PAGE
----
“No. No, you cannot play however you want with her. It’s not okay to ‘have fun’ with someone who does not want to play.” He opens his mouth to respond but my rage is palpable through my measured response. I wonder if my daughter can feel it. I hope she can.
He retreats to the living room and my daughter stares up at me. Her eyes, a starburst of blue and hazel, shine with admiration for her mama. The dragon has been slayed (for now). My own mother is silent. She refuses to make eye contact with me.

This is the same woman who shut me down when I told her about a sexual assault I had recently come to acknowledge. This is the same woman who was abducted by a carful of strangers as she walked home one night. She fought and screamed until they kicked her out. Speeding away, they ran over her ankle and left her with a lifetime of physical and emotional pain. This is the same woman who said nothing, who could say nothing as her boss and his friends sexually harassed her for years. This is the same woman who married one of those friends.

When my mother views this scene, she sees her daughter overreacting. She sees me “making a big deal out of nothing.” Her concerns lie more in maintaining the status quo and cradling my step-dad’s toxic ego than in protecting the shrinking three-year-old in front of her.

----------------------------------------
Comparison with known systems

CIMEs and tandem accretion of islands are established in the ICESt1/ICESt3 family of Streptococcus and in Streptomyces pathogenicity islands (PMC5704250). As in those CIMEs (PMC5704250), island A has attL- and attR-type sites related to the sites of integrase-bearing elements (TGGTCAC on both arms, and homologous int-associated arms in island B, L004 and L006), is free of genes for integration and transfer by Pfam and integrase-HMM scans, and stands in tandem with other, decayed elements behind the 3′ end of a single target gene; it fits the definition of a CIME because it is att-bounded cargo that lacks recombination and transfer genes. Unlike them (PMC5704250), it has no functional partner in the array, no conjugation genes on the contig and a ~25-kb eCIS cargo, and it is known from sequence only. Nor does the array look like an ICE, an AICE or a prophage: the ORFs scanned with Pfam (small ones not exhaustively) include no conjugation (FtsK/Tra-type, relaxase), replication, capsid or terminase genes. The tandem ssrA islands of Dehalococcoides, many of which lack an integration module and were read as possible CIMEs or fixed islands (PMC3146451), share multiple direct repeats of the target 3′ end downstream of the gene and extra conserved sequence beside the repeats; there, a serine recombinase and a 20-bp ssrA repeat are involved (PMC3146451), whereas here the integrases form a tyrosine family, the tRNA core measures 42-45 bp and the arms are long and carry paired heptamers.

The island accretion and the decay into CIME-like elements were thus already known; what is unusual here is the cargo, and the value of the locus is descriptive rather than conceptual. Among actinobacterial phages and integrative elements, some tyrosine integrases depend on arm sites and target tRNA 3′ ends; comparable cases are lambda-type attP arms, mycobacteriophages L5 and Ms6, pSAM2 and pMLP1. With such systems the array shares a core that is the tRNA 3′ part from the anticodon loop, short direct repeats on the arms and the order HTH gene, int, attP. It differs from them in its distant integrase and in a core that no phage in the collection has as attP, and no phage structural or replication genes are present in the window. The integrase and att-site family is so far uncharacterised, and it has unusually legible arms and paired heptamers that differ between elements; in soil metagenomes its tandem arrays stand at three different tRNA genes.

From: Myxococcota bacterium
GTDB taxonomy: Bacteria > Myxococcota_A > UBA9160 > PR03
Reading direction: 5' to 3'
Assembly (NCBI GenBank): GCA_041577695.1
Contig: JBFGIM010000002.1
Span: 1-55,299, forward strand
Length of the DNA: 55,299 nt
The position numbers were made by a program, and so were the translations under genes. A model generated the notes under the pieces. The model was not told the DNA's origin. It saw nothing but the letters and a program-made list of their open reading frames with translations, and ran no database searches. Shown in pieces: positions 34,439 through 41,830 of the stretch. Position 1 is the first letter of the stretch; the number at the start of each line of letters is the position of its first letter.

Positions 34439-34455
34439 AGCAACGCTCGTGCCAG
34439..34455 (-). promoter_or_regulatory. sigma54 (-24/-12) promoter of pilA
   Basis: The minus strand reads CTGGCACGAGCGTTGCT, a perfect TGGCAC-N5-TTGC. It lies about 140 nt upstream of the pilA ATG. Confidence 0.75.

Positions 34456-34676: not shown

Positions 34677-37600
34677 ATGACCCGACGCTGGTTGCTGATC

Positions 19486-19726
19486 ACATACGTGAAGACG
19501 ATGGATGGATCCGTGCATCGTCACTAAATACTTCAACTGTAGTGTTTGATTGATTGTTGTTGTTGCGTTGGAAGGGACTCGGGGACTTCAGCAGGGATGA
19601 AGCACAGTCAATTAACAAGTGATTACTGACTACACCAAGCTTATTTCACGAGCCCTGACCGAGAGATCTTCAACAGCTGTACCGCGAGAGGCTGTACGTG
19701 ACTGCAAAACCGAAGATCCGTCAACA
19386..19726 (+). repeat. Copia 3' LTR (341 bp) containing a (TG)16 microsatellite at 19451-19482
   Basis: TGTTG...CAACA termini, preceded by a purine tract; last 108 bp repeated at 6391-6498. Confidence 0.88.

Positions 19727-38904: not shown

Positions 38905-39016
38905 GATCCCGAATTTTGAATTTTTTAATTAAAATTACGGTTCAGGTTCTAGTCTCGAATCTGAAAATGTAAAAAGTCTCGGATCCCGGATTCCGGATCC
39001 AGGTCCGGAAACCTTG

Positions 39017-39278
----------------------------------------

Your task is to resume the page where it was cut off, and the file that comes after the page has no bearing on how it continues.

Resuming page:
When I view this scene, I am both bolstered and dismayed. My own strength and refusal to keep quiet is the result of hundreds, probably thousands of years of women being mistreated, and their protests ignored. It is the result of watching my own mother suffer quietly at the hands of too many men. It is the result of my own mistreatment and my solemn vow to be part of ending this cycle.

It would be so easy to see a little girl being taught that her wishes don’t matter. That her body is not her own. That even people she loves will mistreat and ignore her. And that all of this is “okay” in the name of other people, men, having fun.
But. What I see instead is a little girl watching her mama. I see a little girl learning that her voice matters. That her wishes matter. I see a little girl learning that she is allowed and expected to say no. I see her learning that this is not okay.

I hope my mom is learning something, too.

Fighting the patriarchy one grandpa at a time.”

By Lisa Norgren
Photo: TheGuardian